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Deben Announce that their Tensile Stage has been Selected by GETec & Nanosurf for their AFSEM Correlative AFM and SEM Product

publication date: Jun 15, 2017
author/source: Deben

Deben, a leading provider of in-situ testing stages together with innovative accessories and components for electron microscopy, reports on the use of the AFSEM™ correlative AFM & SEM system with their tensile stage for in situ mechanical test and measurement.

Deben Microtest 200N tensile stage with the AFSEMManufactured by GETec, it will be sold by Nanosurf and other selected sales channels worldwide. 

The combination of complementary techniques is a key success factor for gaining new insights into the micro and nano worlds. AFSEM™ enables users to easily combine two of the most powerful analytical techniques available — AFM and SEM — to greatly extend their correlative microscopy and analysis possibilities. Austrian instrument company, GETec Microscopy GmbH, has developed AFSEM™ — a high-end atomic force microscope (AFM) for seamless integration into most of the commercially available scanning electron microscopes (SEM and SEM/FIB). The new system combines the benefits of SEM and AFM into one instrument, providing unique options for users. These include the abilities to make tensile, indentation and electrical measurements, all on the nanoscale. 

The detailed study of material fracture surfaces is routinely used to address the cause of failure in engineering structures. At the nanoscale, it is a main research area in material science to develop and evaluate theoretical models of crack growth behaviour. The scanning electron microscope (SEM) is a powerful tool to study the surface changes and fracture mechanics of tensile stress samples. The combination of a large field of view with nanometer resolution allows detecting the early stages of crack or fracture formation, sample deformation, breakage analysis and other surface defects like changes in roughness. However, quantitative height information and crack/roughness analysis with sub-nanometer resolution is not possible with the SEM.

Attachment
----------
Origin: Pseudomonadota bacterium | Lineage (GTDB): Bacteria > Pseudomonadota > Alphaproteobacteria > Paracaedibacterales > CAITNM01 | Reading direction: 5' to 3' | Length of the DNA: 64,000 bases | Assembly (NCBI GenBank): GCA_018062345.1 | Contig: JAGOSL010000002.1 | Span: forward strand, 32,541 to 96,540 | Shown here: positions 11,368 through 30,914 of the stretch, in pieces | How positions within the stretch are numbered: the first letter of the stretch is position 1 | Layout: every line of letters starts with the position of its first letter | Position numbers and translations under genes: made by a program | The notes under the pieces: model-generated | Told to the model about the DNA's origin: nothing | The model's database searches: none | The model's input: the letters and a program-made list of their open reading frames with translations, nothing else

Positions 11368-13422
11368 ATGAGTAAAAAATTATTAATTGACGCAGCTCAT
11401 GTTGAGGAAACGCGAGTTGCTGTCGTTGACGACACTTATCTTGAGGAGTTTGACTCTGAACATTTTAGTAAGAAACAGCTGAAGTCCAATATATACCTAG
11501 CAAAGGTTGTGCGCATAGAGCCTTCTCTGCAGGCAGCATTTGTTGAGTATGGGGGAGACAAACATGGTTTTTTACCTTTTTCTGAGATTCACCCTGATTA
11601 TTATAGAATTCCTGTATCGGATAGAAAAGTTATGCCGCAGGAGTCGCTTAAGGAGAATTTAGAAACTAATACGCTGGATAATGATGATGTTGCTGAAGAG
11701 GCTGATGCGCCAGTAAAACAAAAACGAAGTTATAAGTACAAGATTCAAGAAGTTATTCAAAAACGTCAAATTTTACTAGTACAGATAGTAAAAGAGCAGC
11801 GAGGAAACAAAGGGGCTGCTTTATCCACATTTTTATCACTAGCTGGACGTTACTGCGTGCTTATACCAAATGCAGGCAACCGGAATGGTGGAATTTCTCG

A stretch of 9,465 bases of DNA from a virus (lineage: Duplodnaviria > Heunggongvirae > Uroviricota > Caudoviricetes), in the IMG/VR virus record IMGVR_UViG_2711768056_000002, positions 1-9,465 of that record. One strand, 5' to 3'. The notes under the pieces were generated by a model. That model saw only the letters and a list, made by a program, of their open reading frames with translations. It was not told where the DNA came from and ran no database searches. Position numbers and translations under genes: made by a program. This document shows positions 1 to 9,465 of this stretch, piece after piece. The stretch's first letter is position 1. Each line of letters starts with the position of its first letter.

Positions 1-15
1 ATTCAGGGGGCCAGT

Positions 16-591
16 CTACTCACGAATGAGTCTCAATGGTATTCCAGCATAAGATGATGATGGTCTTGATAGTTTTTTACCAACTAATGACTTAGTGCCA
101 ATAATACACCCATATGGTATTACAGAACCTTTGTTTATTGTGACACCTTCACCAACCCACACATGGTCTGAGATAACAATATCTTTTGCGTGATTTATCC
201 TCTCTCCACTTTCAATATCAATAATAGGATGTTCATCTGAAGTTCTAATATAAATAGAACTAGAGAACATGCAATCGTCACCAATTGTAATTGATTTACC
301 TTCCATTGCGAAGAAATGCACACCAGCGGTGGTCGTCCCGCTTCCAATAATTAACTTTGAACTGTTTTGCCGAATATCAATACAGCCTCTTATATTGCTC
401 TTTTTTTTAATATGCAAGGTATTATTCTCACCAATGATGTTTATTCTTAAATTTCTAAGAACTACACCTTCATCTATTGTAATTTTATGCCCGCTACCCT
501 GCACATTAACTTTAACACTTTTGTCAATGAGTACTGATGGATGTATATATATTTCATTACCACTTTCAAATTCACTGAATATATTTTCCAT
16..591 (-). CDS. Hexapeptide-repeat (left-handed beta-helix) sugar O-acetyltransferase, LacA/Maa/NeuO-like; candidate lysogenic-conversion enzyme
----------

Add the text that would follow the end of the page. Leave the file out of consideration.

GETec selected the Deben Microtest 200N tensile stage based on the experience demonstrated by Deben over many years of supplying stages to users of electron microscopes worldwide. Load cells from 2N to 200N cover most applications, employing extension rates from 0.1mm/min to 15mm/min. The stage has a linear scale for elongation measurement and optical encoders for speed control. Samples are mounted horizontally, clamped to a pair of jaws and supported on stainless steel sliding bearings. A dual threaded leadscrew drives the jaws symmetrically in opposite directions, keeping the sample centred in the field of view. Options include three and four point bending clamps, fibre clamps and microscope mounting adaptors. All modules are controlled from Deben's Microtest tensile testing software and special versions can be manufactured to customers' requirements. 

Combining the Microtest tensile stage with AFSEM provides correlative in situ analysis of the tensile properties of samples. As AFSEM is a tip-scanning AFM, it does not interfere with the operation of the tensile stage. This means the tensile stage carrying the sample can be accessed in an interactive manner allowing a stepwise increase of tensile stress with consecutive analysis without the need to vent the SEM and take out the sample for each AFM scan and analysis. 

The use of the combined system has been well demonstrated with the study of a copper wire. The tensile force was measured as a function of the wire’s length during 500 µm step increments. As the wire was stretched, images of surface roughness were recorded using the both the SEM and the AFM. (see images attached below). 

In summary, combining the Deben tensile stage with the AFSEM™ provides users with the solution to obtain detailed correlative information of the smallest surface changes and quantitative data on crack formation or crack growth, roughness increase, or any other material deformation as a function of tensile stress. The SEM allows guiding the AFM to the regions of interest, e.g. to image areas of constrictions or with increasing number of cracks while the tensile stage provides the application of controlled stress. 

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